Chopper Chicks in Zombietown
Medium: film
Year: 1989
Writer/director: Dan Hoskins
Keywords: horror, low-budget, Troma, zombies
Country: USA
Actor: Jamie Rose, Catherine Carlen, Lycia Naff, Vicki Frederick, Kristina Loggia, Gretchen Palmer, Nina Sonja Peterson, Whitney Reis, Billy Bob Thornton
Format: 86 minutes
Website category: Horror 1970/80s
Review date: 31 August 2002
Strangely, this is a Troma film that you can take halfway seriously. My mate Andrew disagreed, but this was his first Troma film. He'll learn. The acting all reaches a basic level of competence, as opposed to including some actors who are just taking the piss. With the odd daft exception, most of Chopper Chicks in Zombietown is conventional enough to be judged on the level of a proper film... which unfortunately makes it a bit on the dull side. It picks up towards the end with some fun Slut versus Zombie action, but the preceding forty minutes don't particularly stand out in any way.
The bulk of the film swaps between serious bits and stupid bits. You've got some character stuff, with interaction between the Chopper Chicks that unfortunately didn't do much for me. They're a dull bunch, though one or two are attractive. Alas this advantage was frittered away when they never got naked! I was gutted! If there was nudity and it was snipped out for my PAL DVD, I'll cry. Mind you, anyone with a fetish for eighties hair will have a field day. There's a husband played by Billy Bob Thornton, which is kinda interesting in a "what the hell is he doing here?" way. It's not even his debut film! This was apparently his sixth, with his first coming a couple of years previously with The Man Who Broke 1000 Chains (TV). His performance isn't bad, by the way.
Though having said that, I've just checked the imdb and apparently this wasn't a cast of one-film wonders. Almost all of them have reasonable filmographies beyond Chopper Chicks and beyond Troma. I suppose that explains the mysteriously competent acting I mentioned earlier.
But then you've got the weirdness. There's a bus full of blind orphans! You can't go wrong with a bus full of blind orphans. Between that and a spot of dwarf-torturing, this film won't win any prizes for political correctness. Did I mention the dwarf? And the Chopper Chicks call themselves Sluts, much as the punk gang in Class Of Nuke 'Em High call themselves the Cretins. In fairness both labels are accurate; it's just a tad disconcerting for the audience. At least here someone asks why the Cycle Sluts chose such a derogatory nickname.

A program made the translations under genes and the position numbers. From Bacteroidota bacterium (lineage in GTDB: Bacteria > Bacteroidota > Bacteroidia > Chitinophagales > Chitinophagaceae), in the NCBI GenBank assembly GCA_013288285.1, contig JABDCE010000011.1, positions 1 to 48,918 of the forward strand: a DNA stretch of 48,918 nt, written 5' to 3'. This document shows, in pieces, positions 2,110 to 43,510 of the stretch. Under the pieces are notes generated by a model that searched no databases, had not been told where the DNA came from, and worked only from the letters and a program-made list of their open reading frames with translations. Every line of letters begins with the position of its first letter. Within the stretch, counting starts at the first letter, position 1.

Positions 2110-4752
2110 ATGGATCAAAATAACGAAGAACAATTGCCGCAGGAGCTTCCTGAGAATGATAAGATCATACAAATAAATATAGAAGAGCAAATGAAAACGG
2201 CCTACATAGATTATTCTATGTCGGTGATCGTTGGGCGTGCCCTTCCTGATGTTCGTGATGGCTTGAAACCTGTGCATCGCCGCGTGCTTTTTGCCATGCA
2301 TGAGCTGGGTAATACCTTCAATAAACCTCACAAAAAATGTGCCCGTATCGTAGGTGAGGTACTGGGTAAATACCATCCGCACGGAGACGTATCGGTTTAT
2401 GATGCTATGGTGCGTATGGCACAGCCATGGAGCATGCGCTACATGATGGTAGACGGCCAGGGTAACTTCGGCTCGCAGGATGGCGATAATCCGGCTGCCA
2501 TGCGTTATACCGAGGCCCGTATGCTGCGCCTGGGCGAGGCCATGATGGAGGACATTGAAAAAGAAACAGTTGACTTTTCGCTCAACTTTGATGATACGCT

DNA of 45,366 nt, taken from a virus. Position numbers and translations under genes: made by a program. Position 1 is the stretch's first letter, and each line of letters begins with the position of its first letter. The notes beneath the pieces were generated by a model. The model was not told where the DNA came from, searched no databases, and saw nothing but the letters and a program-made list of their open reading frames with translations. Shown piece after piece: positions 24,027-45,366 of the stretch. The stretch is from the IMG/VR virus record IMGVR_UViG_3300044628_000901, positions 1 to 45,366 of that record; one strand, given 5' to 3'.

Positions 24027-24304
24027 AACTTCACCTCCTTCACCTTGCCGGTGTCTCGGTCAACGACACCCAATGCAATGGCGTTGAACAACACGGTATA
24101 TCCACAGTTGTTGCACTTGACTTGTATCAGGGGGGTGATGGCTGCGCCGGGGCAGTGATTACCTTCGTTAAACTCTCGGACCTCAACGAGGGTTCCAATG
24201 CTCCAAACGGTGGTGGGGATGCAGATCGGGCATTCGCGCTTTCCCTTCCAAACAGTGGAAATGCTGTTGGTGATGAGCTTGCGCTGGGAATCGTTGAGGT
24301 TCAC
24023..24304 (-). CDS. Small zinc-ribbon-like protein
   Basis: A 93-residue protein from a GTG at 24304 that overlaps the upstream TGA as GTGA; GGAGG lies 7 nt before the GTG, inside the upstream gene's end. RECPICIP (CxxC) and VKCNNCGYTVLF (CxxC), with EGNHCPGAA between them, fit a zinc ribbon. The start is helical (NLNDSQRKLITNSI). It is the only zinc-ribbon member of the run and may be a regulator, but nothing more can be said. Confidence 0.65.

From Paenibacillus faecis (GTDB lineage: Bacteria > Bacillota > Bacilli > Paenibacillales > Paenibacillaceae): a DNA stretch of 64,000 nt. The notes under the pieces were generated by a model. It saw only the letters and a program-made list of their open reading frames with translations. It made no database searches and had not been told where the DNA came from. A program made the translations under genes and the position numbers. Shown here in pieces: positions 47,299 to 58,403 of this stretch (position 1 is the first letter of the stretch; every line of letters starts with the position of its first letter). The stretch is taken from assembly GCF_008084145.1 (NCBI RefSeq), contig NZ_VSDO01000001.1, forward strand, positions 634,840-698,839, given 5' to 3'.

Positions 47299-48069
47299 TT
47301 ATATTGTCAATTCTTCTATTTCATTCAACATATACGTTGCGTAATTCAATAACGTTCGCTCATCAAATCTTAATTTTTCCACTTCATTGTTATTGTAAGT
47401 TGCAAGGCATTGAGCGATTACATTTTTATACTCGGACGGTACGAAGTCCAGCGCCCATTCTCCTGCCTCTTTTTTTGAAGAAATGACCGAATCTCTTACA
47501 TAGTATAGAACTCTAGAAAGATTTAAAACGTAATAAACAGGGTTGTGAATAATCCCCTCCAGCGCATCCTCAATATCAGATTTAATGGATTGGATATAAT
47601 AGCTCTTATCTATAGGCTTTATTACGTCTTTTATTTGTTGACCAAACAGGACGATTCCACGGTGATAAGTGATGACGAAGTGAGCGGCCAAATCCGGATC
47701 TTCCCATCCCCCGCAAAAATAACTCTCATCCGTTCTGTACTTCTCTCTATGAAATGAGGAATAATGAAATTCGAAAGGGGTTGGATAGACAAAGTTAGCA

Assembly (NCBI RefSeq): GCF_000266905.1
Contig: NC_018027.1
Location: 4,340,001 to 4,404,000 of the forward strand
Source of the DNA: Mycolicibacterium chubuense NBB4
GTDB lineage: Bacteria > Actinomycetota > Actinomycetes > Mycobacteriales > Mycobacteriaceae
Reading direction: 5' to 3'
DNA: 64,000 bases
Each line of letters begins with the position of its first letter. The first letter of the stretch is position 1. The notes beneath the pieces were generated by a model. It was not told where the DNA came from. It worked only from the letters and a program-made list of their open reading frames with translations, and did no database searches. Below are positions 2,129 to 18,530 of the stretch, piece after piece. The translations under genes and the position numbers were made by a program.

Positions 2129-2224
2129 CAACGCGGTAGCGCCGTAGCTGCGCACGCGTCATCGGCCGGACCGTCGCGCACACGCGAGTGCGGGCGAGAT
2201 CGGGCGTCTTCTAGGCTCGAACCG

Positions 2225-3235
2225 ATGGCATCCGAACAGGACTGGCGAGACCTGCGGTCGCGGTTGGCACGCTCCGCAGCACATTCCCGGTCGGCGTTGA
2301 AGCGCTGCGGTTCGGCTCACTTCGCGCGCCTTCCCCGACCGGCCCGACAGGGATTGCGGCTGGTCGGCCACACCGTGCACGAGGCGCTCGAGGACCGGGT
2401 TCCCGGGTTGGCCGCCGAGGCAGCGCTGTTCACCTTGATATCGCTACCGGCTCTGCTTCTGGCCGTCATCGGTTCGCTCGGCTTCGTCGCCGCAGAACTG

And then there are the zombie scenes. Never before had I seen zombie scenes accompanied by comedy music with Swannee whistles. Believe it or not, that's quite cool. Chopper Chicks in Zombietown has such a kick-arse soundtrack that at times the music becomes your chief reason for watching the film. Even when the story isn't going anywhere, the music is such fun that it cons you into thinking that something's happening anyway. The few Troma films I've seen to date have all had great soundtracks, which I'd count as a big part of their appeal.
Oh, and these zombies are remarkably well preserved. Uncharitable critics might blame this on Troma's bargain-basement budget, but I'd suggest that the zombies must have been partially embalmed.
However things eventually get going. The stupid and serious sides of the film meet up, as they eventually had to, and fun is had. The limb gags are great and the zombies run enjoyably riot. You can't pretend that this is trying to be a horror movie, but you've got to enjoy the violence on display at the end. My only quibbles are minor... anyone with an Uzi should be allowed to let rip with the full DAKKA-DAKKA-DAKKA, while there's a heroic action that (while admittedly dramatic) must be the most stupidly pointless self-sacrifice in movie history.
But by the time the last scene rolled, I was chuckling like a mad bastard. Say what you like about Chopper Chicks from Zombietown, it ends well. It might not be quite as demented as other Troma movies, but it's politically incorrect (always a plus!) and mostly good for a laugh. And its more sensible scenes approach the standards of conventional drama, so at times you can almost kid yourself into thinking that you're watching a real film.